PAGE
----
After 24 years in the K-12 education space, Achieve has shut its doors. Read the statement from Michael Cohen, President of Achieve here.
Our website www.achieve.org will remain available through December 31, 2020.
Former Achieve science team members have founded the NextGenScience project at WestEd where they will continue working with educators and partners across the nation to improve the quality of science education. Please visit their website and @NextGenScience to learn more about their work. They will continue to serve as stewards of the NGSS, sharing resources with the field through the nextgenscience.org website, NGSSNow newsletter, and @OfficialNGS.
All students should graduate from high school ready for college, careers, and citizenship.
Through the Common Core State Standards (CCSS) Initiative, states and territories have collaborated in the development of a common core of standards in English language arts and mathematics for grades Kindergarten through twelve that have been adopted by the majority of states. Designed not only for the purpose of providing strong, shared expectations, the Common Core State Standards also allow adopting states to collectively create and share high-quality tools such as assessments, curricula, instructional materials (such as textbooks and software), and professional development programs.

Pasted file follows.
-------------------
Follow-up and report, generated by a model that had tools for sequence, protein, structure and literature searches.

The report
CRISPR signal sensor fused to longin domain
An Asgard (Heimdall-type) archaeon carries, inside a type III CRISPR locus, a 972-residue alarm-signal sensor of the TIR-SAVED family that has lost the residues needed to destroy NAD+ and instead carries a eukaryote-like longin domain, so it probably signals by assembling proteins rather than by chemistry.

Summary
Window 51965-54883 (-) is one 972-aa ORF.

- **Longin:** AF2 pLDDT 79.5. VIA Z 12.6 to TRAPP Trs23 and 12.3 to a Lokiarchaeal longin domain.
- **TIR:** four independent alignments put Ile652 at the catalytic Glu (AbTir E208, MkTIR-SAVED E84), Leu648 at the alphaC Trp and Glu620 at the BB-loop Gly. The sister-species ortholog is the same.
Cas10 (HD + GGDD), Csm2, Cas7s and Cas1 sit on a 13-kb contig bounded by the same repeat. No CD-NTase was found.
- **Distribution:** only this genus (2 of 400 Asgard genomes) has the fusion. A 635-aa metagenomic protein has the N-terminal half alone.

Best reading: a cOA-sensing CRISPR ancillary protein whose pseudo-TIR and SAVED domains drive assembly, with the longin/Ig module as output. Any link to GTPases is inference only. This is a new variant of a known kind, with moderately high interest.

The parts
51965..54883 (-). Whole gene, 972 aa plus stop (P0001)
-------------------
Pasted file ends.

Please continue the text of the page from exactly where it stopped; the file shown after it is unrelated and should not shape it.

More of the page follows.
As educators and policymakers review the CCSS for English Language Arts (ELA) and Literacy, they will want to consider the way these new standards compare to, and build on, existing standards in ELA. This brief describes the comparison between the CCSS and the standards of two states that have been leaders in standards-based ELA education: California and Massachusetts.